St. Jerome says, "These additions I also found in the Vulgate edition." (Haydock) --- This history is more succinctly related, chap. v. (Calmet) --- Her. Literally, "And he commanded her (no doubt Mardochai did Esther) to go," &c. The parenthesis was added by St. Jerome. (Haydock)
From India to Ethiopia. That is, who reigneth from India to Ethiopia. (Challoner) --- St. Jerome writes, "The copy of the letter of king Artaxerxes, which he wrote in favour of the Jews, to all the provinces of his kingdom, which also is not in the Hebrew volume." It should properly occur, chap viii. 13, as it does in Greek. The edict is well written in that language, which has induced a belief that it is not a translation. (Calmet) --- But that is no very strong argument. (Haydock)
Second year, the same when Darius gave an edict for building the temple, (1 Esdras iv.; Tirinus) and the year before the great feast, (chap. i. 3.) when the Jews little thought of such danger hanging over them. (Calmet) (Worthington) --- Benjamin. Chap. ii. 5., we read Jemini, which shews that they have the same import. (Tirinus)
When. Greek, "for he heart their deliberations." --- Told, by the mouth of Esther, chap. ii. 21. (Haydock)
World. This is an exaggeration. Princes are flattered with high titles, but none more so than those of the East. (Calmet) --- Quietly. Literally, "in silence." Greek, "undisturbed by the stormy billows, (Greek: akumantous) at all times; and that the kingdom might be rendered quiet, and the roads unmolested, to the very extremities; that peace, which is desired by all men, may be renewed." How amiable are these dispositions, which ought to be cherished by all princes! We might then hope soon to see peace restored. (Haydock)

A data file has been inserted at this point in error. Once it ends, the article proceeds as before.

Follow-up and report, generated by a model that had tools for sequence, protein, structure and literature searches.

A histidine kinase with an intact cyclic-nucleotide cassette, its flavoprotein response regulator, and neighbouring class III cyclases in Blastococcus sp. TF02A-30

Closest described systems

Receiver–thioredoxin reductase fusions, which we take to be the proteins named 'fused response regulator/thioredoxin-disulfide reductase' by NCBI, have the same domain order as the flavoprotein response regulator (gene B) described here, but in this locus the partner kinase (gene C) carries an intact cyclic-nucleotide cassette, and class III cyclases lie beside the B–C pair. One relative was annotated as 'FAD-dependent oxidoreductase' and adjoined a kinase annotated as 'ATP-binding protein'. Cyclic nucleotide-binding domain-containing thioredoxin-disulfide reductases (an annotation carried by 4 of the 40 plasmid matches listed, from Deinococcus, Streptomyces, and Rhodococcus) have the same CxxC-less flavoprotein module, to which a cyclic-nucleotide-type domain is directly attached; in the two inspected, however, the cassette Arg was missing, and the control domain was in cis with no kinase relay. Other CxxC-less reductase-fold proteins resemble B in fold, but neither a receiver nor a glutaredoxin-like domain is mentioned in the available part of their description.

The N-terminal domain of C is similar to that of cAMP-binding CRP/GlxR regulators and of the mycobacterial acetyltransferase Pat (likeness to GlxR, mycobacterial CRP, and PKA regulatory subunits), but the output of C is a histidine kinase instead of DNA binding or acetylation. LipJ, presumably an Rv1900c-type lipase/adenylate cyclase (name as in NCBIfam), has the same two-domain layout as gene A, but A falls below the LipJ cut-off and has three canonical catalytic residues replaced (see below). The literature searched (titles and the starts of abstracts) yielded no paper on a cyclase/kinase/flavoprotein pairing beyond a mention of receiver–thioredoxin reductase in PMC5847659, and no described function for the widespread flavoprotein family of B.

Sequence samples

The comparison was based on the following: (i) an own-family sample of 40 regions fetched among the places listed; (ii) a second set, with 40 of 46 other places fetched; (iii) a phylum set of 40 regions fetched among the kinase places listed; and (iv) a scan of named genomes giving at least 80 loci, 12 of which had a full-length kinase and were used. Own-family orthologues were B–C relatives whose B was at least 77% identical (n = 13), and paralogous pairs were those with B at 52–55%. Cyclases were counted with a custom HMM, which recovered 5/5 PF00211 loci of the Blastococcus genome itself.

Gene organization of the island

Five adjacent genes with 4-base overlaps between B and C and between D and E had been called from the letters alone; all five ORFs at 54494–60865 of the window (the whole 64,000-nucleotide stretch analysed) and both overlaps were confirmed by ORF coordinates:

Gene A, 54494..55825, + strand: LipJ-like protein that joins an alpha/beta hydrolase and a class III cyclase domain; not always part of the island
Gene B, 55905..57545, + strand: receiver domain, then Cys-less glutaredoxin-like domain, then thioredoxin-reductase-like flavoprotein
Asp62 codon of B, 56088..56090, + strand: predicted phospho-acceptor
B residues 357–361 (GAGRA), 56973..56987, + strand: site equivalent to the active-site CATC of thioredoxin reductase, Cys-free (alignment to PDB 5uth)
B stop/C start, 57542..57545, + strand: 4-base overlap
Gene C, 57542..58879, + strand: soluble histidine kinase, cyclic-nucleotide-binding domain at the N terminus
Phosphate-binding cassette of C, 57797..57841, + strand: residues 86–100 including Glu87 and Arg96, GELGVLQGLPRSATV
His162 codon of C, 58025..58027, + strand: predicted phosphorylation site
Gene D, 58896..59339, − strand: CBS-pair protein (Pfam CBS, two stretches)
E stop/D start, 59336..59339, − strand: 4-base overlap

Ointments. Greek, "instead of the proud sweets, she filled her head with ashes and dust." Such as might be soon cleansed again. (Haydock) --- Torn. Greek, "curled hair," (Greek: strapton trichon. Haydock) some of which she cut off. See Leviticus xix. 27., and xxi. 5. (Houbigant)
Remember. This is not here in Greek, but more regularly, chap. iv. 8. (Calmet)
Princes. Greek, "Beneficent," Luke xxii. 25. (Calmet) --- Greek, "Many of those who have been the most honoured by the kindness of the beneficent, have increased in folly, and not only endeavour to injure our subjects, but, unable to hear the weight of favours, devise schemes against their benefactors."
Seed. Benjamin (Itin.) informs us, that both he and the queen were buried in the chief city of the Medes, which he calls "the great Hamda;" perhaps the province Mardochæa, (or Greek: Amordakai. Ptol. v. 20.) near the Persian gulf, may have been called after this statesman. (Tirinus)
Court, afterwards. (Calmet) --- He had a dream in the second year. (Houbigant)
After. Greek, "of all kingdoms as a reward, Aman shewed me," &c. Josephus, "the second after me, for his fidelity and confirmed good will." (Calmet) --- It is a great hurt for a king to be governed by one counsellor, Proverbs xv. 22. (Worthington)
Death. St. Jerome subjoins, I found there "also what follows."